About a year later, I moved to Synchrogenix, a Certara company, where authoring templates are used widely. For the first time, I learned what a full template suite looks like. Synchrogenix’s suite contained not just heading structures but also an extensive amount of help text that reflected the latest regulatory guidance. This proved useful in many situations.

As for the toolbar, I completely reversed my opinion. The Synchrogenix toolbar was not only helpful for less experienced MS Word users, but also a time-saving tool even for experienced Word users. It enabled us to focus more on writing and less on formatting. What really won me over is the fact that the toolbar helps me perform common tasks more efficiently and consistently. Tasks that normally require numerous clicks can be done with just one click of a button. My personal favorites include the table creation feature, the style buttons, and the table of contents tools.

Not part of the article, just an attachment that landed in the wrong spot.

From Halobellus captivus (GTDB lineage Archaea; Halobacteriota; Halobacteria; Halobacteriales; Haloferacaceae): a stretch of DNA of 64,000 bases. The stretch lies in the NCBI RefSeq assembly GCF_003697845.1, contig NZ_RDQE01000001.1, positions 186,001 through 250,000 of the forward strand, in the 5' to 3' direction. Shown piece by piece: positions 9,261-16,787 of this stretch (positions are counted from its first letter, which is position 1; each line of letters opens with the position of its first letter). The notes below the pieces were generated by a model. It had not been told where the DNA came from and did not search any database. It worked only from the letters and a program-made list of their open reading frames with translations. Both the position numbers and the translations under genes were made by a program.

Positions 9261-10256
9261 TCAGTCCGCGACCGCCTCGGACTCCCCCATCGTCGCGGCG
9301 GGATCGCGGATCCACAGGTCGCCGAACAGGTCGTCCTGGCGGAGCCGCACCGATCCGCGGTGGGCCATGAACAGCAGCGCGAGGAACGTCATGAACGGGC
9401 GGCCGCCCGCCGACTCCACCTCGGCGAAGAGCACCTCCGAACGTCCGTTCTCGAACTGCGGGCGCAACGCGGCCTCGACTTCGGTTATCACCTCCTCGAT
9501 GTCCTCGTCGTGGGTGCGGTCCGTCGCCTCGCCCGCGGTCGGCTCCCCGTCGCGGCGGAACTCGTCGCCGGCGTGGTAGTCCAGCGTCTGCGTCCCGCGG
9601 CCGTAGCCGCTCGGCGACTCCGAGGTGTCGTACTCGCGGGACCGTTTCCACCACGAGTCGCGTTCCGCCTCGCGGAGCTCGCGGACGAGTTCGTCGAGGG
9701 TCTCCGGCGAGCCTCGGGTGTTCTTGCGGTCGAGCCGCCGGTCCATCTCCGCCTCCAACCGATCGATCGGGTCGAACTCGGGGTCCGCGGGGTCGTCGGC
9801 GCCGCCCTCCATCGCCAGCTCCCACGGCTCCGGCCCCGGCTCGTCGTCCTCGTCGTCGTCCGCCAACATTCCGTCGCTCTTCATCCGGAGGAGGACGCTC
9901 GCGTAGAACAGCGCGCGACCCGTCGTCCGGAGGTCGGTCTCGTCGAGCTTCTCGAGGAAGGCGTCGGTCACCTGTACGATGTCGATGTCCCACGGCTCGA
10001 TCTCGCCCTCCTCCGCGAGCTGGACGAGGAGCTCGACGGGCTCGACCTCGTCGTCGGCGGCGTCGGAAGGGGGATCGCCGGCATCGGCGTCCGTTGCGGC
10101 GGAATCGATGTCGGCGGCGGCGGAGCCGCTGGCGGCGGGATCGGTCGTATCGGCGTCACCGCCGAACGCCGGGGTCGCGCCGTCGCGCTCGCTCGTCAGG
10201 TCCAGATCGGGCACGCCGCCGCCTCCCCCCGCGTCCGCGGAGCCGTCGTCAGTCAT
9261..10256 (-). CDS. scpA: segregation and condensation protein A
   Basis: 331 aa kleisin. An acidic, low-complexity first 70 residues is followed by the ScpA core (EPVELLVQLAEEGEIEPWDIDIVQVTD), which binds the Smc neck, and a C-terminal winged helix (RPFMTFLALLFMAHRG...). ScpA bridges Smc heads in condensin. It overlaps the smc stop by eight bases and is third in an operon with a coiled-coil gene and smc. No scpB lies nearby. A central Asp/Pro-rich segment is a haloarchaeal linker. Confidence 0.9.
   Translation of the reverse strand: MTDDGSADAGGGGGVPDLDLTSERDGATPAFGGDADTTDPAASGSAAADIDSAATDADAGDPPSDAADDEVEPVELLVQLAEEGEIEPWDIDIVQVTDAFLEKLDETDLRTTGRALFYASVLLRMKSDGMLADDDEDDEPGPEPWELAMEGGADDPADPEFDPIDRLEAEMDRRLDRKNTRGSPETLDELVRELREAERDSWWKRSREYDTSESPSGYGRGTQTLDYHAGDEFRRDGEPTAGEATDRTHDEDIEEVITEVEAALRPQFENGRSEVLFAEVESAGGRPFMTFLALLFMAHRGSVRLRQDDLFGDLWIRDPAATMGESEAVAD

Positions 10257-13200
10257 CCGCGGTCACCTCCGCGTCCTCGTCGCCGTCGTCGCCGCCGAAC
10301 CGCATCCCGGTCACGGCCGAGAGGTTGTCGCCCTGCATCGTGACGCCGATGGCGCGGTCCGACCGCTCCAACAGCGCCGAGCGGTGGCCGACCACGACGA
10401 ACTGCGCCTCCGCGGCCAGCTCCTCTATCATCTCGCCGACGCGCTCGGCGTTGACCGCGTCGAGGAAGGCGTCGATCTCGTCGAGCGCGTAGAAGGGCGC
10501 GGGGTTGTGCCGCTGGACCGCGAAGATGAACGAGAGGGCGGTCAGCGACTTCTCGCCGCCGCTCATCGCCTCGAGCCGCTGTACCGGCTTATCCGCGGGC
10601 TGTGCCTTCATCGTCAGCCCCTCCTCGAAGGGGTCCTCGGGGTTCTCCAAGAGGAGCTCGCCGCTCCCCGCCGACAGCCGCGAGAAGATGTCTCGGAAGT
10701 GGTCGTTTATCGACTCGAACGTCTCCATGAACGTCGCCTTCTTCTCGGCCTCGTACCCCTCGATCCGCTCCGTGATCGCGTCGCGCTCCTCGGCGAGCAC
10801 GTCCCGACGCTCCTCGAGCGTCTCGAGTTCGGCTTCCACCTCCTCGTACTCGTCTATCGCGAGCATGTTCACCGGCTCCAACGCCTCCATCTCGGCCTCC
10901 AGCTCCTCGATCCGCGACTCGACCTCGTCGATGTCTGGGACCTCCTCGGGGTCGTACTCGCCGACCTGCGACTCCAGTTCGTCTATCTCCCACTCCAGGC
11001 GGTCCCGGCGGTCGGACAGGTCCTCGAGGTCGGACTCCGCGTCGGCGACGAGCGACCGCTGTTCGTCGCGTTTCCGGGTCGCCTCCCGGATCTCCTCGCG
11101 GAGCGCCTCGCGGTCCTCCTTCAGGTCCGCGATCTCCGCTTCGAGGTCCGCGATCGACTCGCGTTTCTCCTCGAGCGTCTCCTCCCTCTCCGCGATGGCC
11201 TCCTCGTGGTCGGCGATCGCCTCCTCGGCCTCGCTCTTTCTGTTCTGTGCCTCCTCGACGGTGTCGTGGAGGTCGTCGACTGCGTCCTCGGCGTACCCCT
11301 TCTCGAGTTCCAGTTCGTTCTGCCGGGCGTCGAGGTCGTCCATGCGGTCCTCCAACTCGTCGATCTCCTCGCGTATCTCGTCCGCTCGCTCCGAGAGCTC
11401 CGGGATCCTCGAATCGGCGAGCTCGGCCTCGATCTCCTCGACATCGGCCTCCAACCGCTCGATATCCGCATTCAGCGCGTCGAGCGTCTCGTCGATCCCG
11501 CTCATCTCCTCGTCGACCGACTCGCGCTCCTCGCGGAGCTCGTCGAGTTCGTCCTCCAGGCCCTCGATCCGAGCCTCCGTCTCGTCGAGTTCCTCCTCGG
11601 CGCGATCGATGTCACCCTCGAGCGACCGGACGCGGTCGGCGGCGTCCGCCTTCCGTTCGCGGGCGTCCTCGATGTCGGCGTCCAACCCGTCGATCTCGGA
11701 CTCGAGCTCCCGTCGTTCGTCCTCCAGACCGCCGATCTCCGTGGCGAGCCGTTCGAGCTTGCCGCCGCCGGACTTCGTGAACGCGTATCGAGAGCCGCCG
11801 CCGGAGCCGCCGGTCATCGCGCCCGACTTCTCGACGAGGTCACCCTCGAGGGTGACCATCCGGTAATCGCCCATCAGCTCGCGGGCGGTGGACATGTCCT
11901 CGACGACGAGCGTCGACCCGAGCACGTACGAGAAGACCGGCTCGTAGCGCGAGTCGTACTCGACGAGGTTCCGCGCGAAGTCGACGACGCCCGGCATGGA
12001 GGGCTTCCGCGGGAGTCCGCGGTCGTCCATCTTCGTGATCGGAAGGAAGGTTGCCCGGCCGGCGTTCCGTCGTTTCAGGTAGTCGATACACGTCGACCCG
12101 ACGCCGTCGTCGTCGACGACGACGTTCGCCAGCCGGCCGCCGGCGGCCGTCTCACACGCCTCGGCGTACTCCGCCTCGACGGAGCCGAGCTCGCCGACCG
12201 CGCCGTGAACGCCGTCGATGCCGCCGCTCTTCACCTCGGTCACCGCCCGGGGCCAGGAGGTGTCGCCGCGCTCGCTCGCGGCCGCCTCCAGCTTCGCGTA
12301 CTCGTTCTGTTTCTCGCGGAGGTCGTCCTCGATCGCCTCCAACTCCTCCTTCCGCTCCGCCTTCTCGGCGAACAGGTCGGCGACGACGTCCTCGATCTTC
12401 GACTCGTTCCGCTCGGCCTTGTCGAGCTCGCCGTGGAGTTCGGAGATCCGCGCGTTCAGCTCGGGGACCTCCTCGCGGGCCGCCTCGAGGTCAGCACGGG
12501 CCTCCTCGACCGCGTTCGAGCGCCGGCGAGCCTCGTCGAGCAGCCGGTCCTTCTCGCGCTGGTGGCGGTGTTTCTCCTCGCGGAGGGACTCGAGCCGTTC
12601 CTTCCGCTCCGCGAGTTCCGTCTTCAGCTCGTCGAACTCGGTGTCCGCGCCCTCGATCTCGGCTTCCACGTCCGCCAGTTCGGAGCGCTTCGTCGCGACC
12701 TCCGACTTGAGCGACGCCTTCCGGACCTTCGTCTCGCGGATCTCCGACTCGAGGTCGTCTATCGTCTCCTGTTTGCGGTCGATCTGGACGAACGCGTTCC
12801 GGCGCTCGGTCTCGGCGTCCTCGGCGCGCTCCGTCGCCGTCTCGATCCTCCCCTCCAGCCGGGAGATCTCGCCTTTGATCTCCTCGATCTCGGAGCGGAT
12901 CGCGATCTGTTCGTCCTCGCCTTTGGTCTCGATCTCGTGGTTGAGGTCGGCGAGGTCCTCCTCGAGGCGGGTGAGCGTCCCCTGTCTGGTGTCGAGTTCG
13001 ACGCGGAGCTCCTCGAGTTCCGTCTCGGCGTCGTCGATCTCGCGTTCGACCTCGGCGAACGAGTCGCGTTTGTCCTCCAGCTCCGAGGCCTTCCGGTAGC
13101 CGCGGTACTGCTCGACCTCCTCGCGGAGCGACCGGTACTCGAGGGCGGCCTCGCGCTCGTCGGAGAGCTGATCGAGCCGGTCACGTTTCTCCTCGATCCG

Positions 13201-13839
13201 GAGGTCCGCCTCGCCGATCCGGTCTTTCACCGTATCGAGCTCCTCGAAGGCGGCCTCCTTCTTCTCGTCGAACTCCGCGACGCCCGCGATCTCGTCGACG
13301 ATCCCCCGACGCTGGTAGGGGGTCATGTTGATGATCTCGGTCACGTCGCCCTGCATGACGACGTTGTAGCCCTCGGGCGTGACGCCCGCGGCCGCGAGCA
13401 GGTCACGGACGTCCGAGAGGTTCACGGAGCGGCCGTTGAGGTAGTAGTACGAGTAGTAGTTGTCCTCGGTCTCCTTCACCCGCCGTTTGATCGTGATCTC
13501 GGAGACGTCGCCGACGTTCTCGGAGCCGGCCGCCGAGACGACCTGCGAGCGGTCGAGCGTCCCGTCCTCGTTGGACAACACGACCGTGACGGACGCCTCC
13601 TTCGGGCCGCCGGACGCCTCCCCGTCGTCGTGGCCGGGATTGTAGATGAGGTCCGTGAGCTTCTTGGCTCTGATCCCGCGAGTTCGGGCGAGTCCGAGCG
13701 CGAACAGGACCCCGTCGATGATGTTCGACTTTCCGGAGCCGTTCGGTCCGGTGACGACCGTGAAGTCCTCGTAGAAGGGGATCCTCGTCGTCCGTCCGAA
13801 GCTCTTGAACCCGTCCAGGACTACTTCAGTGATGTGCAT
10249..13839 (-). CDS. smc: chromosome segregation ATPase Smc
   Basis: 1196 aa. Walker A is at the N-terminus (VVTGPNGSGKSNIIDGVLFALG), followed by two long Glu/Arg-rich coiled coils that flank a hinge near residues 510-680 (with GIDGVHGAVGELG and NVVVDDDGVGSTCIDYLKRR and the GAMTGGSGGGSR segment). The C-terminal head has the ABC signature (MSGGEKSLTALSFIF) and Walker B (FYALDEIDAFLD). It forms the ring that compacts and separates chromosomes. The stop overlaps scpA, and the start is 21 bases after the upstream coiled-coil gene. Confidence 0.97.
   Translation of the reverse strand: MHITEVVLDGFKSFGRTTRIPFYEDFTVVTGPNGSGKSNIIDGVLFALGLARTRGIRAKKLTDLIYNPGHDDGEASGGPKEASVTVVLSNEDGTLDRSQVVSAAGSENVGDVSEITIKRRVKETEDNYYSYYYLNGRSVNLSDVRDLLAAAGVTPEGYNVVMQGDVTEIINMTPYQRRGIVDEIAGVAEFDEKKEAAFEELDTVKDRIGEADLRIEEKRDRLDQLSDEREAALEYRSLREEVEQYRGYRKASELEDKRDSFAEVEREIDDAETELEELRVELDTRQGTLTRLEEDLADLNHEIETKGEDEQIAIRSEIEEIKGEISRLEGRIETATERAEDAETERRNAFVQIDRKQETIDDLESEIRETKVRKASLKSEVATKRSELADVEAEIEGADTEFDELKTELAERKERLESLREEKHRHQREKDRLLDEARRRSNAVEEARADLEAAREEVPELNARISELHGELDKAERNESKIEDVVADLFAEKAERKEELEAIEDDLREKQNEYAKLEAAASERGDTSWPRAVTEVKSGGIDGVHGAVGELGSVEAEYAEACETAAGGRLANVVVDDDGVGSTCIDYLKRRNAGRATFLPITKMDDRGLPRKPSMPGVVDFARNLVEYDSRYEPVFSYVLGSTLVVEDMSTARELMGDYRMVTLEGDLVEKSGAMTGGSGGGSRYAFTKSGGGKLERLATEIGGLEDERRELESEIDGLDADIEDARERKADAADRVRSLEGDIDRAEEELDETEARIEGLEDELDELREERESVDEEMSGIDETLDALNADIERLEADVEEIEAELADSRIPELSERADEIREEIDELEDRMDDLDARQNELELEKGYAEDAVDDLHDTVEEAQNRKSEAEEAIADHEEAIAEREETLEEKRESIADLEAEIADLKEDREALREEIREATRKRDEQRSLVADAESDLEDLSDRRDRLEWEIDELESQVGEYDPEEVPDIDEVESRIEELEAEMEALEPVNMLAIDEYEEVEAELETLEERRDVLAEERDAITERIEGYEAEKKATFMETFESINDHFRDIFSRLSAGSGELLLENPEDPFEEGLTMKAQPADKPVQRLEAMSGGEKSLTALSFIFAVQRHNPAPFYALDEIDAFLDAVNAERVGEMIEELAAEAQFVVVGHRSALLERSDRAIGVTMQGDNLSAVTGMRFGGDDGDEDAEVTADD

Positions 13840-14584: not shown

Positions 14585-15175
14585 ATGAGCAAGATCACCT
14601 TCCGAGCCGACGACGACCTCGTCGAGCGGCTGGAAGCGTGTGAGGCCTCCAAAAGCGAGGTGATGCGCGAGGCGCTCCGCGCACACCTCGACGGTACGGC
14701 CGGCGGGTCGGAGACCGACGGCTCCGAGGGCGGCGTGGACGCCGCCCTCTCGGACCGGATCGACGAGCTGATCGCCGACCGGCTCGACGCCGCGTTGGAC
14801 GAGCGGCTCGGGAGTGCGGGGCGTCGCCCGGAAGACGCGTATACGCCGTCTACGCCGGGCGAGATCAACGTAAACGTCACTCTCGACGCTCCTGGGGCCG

The training I received from Synchrogenix also made a big difference. This time using a template suite, I received excellent training by someone who knew the functionality backward and forward and took the time to answer my questions.

Give Authoring Templates a Chance

If you’re already using a template suite, you know how they can improve document development and publishing efficiency. If you’re not, give it some consideration. Having a large collection of documents available to you, along with a toolbar, can significantly reduce the time you spend setting up and formatting your documents. This approach also ensures that you and your team are producing the consistent, high‑quality documents regulatory agencies require.

Synchrogenix eCTD Authoring Templates check all the boxes for excellent templates. Because they were created by regulatory writers and editors, you can rest assured that you’re creating submission-ready, compliant, consistent documents the first time, thus saving your team valuable resources. Click here to learn more about Synchrogenix eCTD Authoring Templates.

About the author

By: Lisa Hove